by CalculatedRisk on 4/16/2012
Residential remodels authorized by building permits in the United States in February were at a seasonally-adjusted annual rate of 2,894,000. This is 3 percent above the revised January rate of 2,811,000 and is 23 percent above the February 2011 estimate of 2,362,000.
“February 2012 is the first month over the past twelve to show significant increases in residential remodeling activity across all U.S. regions,” said Joe Emison, Vice President ofResearch and Development at BuildFax.
The BuildFax Remodeling Index (BFRI) is based on construction permits for residential remodeling projects filed with local building departments across the country. The index estimates the number of properties permitted. The national and regional indexes are based upon a subset of representative building departments in the U.S. and population estimates from the U.S. Census. The BFRI is seasonally-adjusted using the X12 procedure.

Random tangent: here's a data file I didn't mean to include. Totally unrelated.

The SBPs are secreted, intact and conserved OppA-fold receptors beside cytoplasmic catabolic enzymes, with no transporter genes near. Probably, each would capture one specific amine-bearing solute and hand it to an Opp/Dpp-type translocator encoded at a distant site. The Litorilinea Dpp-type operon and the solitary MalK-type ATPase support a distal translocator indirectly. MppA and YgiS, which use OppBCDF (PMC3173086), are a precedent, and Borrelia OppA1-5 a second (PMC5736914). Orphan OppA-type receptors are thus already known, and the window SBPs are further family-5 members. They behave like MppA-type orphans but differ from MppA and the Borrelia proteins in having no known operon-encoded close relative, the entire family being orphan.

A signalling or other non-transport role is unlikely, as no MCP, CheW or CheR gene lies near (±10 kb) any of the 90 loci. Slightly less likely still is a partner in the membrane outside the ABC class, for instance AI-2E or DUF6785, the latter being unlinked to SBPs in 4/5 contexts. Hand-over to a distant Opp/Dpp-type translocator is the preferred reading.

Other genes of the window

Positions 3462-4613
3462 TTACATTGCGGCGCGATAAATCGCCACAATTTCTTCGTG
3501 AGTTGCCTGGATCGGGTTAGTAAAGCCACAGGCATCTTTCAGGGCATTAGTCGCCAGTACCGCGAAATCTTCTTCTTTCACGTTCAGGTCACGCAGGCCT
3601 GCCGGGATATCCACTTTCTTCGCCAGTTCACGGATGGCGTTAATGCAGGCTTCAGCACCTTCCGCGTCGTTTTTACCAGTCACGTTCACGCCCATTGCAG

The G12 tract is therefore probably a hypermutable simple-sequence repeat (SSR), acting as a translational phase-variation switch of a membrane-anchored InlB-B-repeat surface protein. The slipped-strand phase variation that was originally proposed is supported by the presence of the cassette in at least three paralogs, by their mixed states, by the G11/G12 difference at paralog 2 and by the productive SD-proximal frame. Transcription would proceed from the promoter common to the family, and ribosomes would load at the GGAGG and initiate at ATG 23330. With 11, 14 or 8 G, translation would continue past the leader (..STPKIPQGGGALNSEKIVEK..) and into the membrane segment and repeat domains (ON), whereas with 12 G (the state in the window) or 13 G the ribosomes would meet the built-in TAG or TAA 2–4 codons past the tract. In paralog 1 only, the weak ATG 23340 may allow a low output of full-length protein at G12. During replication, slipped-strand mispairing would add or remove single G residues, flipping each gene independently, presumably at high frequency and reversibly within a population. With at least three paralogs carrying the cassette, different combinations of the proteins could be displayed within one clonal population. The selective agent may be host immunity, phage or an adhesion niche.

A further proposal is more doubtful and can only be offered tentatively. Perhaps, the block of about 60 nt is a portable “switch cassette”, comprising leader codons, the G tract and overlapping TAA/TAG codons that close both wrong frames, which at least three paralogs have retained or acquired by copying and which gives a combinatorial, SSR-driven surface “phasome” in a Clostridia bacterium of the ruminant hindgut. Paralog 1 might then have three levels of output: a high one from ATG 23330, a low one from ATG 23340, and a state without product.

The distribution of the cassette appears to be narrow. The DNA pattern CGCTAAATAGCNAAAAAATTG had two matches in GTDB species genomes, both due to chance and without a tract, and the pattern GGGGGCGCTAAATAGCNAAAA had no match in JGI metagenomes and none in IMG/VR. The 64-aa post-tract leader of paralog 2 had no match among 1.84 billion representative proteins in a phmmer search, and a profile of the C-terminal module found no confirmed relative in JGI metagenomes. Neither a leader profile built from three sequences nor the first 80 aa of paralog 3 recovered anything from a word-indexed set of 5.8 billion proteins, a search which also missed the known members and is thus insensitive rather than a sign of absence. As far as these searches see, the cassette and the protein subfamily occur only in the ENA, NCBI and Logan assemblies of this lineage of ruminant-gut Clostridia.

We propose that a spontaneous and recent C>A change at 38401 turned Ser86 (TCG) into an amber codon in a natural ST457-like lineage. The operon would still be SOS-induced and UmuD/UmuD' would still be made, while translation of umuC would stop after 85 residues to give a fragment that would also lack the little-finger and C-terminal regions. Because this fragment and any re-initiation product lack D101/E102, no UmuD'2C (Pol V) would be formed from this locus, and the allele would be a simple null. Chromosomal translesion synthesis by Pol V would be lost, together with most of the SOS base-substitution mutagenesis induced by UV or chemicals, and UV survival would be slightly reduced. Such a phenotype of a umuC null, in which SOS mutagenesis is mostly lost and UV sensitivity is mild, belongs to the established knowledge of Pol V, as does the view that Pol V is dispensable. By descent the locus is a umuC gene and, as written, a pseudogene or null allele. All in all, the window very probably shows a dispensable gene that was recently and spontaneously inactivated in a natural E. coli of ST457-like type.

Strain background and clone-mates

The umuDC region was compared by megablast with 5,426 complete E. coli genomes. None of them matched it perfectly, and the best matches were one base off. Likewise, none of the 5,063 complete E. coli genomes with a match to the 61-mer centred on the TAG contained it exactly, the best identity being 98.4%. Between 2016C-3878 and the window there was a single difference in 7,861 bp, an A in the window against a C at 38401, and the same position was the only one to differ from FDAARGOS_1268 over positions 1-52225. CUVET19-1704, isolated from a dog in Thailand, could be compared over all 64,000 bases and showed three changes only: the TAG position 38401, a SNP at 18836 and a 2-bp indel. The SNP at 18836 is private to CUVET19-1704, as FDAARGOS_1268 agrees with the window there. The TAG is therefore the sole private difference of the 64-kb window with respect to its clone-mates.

This graph shows the Remodeling Index since January 2000 on a seasonally adjusted basis.
Remodeling is below the peak levels of the housing boom – with all the equity extraction – but up 25% from the bottom in May 2009.
Note: Permits are not adjusted by value, so this doesn’t mean there is more money being spent, just more permit activity. Also some smaller remodeling projects are done without permits and the index will miss that activity.
Seasonally-adjusted annual rates of remodeling across the country in February 2012 are estimated as follows: Northeast, 627,000 (up 24% from January and up 33% from February 2011); South, 1,194,000 (up 3% from January and up 25% from February 2011); Midwest, 516,000 (up 4% from January and up 22% from February 2011); West, 830,000 (up 9% from January and up 21% from February 2011).
Some of the increase in February could be weather related (the index is seasonally adjusted, and the weather in February was warmer than normal). This might especially be true in the Northeast.
For overall residential investment, multi-family construction and home improvement have already picked up, and it appears single family construction will increase in 2012.